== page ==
This Friday for Clutch I write about how your "black people don't" stereotype sausage gets made and how what we often assign as "black" stereotypes are really "American" stereotypes about class and education. Whether or not you like sushi and Italian art has everything to do with whether or not you were exposed to it. Melanin has no effect.
Here's a snippet:
Often the traits black women are accused of having are more so signifiers of class than race. Blue-collar whites are just as unlikely to travel abroad (in a country with a population of more than 300 million, only 30 percent have passports to travel abroad), go vegan, and date outside their race. They also don’t work out as much (as evidenced by the obesity epidemic that is a crisis countrywide, not just with black people) or learn second languages.
It’s not just unique for a black woman to decide to run a marathon; it’s unique for most Americans.
It’s a bad habit we fall into, labeling ourselves by race (and then assigning negative connotations to it), when often what we’re experiencing are simple differences of class, curiosity, education, and exposure. Being incurious and set in your ways is a time-honored American tradition. And black people (last I checked) are the most American Americans running around.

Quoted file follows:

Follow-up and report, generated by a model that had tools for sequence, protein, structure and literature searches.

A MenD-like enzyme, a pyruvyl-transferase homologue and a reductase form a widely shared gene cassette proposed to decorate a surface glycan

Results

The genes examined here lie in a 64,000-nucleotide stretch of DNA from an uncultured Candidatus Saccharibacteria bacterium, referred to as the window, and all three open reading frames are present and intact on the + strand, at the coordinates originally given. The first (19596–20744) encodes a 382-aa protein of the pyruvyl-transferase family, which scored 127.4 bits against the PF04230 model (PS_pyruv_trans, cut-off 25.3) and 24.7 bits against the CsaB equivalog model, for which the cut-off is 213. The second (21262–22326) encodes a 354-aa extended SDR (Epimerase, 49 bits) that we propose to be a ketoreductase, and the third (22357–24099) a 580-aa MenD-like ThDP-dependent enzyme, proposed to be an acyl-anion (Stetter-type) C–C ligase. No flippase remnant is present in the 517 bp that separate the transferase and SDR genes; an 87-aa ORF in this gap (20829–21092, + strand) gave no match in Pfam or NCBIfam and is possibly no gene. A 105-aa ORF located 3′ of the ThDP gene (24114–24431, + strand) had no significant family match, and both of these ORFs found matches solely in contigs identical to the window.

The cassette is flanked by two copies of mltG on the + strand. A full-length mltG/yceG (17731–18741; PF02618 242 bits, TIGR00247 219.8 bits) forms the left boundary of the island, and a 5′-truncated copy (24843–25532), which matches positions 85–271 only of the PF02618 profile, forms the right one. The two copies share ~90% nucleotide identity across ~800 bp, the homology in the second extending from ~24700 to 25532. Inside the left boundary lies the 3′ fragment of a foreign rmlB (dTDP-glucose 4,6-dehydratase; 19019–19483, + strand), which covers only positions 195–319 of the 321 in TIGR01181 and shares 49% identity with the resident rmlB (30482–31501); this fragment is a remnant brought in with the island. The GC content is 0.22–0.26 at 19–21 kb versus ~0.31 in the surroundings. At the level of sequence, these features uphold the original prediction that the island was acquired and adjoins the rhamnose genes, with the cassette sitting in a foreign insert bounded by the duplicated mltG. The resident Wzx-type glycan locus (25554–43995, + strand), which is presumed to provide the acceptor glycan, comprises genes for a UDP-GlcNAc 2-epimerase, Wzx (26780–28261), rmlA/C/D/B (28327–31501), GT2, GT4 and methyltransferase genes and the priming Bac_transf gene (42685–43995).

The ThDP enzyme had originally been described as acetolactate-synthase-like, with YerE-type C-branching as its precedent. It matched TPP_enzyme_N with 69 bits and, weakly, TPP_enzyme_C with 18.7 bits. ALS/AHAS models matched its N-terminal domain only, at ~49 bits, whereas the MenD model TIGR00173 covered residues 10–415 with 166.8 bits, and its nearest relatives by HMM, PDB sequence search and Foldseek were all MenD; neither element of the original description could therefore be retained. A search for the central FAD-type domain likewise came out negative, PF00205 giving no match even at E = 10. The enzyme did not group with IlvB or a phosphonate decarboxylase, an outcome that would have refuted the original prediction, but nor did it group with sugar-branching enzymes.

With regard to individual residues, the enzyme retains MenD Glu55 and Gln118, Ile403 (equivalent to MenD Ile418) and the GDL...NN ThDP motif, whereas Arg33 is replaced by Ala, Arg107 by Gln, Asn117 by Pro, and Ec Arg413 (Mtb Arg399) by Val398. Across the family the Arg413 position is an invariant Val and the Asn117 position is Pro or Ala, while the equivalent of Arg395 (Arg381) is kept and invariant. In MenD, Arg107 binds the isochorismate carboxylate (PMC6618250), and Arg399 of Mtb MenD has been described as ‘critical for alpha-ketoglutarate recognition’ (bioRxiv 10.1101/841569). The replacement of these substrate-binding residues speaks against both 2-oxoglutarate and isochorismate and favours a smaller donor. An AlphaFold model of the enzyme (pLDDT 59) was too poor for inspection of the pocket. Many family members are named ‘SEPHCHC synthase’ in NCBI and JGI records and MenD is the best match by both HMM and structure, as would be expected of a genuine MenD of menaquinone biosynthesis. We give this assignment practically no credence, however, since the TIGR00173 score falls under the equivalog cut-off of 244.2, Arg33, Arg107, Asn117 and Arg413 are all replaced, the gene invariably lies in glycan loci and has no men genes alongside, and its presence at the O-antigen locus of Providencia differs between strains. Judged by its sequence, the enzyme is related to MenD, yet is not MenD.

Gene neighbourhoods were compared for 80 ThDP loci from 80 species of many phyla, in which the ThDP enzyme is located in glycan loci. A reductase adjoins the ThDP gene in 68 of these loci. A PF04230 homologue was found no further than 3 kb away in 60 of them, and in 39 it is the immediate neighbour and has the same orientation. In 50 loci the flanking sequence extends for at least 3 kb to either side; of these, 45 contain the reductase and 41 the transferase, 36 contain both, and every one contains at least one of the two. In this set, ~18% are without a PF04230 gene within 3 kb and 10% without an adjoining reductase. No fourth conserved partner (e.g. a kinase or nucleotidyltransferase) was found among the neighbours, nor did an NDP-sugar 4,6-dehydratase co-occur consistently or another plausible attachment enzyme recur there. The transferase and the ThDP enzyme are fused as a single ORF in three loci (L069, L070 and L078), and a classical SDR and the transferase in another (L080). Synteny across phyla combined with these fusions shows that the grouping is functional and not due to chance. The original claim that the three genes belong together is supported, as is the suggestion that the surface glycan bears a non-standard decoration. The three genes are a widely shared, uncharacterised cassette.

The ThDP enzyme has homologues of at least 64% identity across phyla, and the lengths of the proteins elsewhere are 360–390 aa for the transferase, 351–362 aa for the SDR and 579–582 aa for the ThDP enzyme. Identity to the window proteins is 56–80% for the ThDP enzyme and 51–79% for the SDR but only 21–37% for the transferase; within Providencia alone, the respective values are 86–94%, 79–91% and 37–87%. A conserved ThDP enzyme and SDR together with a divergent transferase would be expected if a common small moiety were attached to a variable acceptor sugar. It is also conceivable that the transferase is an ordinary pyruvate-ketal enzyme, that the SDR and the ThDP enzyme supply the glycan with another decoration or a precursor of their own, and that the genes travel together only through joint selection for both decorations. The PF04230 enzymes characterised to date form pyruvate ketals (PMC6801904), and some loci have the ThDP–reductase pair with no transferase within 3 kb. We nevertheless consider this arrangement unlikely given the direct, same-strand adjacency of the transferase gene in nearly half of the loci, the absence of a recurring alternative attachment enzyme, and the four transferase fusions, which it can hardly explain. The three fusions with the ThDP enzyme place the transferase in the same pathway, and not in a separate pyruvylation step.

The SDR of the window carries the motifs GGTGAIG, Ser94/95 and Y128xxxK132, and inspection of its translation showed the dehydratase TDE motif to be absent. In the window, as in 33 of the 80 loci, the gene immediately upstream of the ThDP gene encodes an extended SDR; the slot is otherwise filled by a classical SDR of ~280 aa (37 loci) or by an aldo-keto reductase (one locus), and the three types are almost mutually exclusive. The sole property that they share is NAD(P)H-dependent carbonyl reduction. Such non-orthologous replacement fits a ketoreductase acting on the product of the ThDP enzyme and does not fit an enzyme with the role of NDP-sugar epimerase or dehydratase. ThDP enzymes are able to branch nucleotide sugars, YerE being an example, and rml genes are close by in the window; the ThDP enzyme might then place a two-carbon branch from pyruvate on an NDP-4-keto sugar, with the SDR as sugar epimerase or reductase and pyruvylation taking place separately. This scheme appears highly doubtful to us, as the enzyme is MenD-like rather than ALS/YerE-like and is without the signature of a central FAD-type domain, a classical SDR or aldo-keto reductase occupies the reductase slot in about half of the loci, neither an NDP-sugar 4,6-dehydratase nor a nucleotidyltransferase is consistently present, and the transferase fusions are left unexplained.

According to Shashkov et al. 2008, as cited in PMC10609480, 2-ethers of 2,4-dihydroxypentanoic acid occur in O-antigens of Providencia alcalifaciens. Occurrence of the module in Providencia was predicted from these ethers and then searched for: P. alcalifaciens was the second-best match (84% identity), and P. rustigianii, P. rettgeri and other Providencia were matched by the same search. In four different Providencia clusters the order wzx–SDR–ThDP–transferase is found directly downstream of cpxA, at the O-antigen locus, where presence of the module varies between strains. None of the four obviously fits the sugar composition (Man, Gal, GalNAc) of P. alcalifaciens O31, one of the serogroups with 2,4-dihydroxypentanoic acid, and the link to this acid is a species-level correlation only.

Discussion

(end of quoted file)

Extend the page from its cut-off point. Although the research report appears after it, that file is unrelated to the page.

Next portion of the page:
But because white people aren’t often seen as a “race,” they don’t get lumped in. A bunch of overweight white people aren’t seen as “white people sure are fat.” They’re seen as fat “individuals” unto themselves, not tainting or representing the whole. White people (and black people) tend to focus on the coastal, urban, financial, or education-based outliers of the white community and not the large, swaths of white folk in the middle who love NASCAR, watch FOX News, eat at Hardees and favor the Tea Party, Jesus, and American football in near equal measure. Those folks don’t do any of the things black women “allegedly” don’t do, either.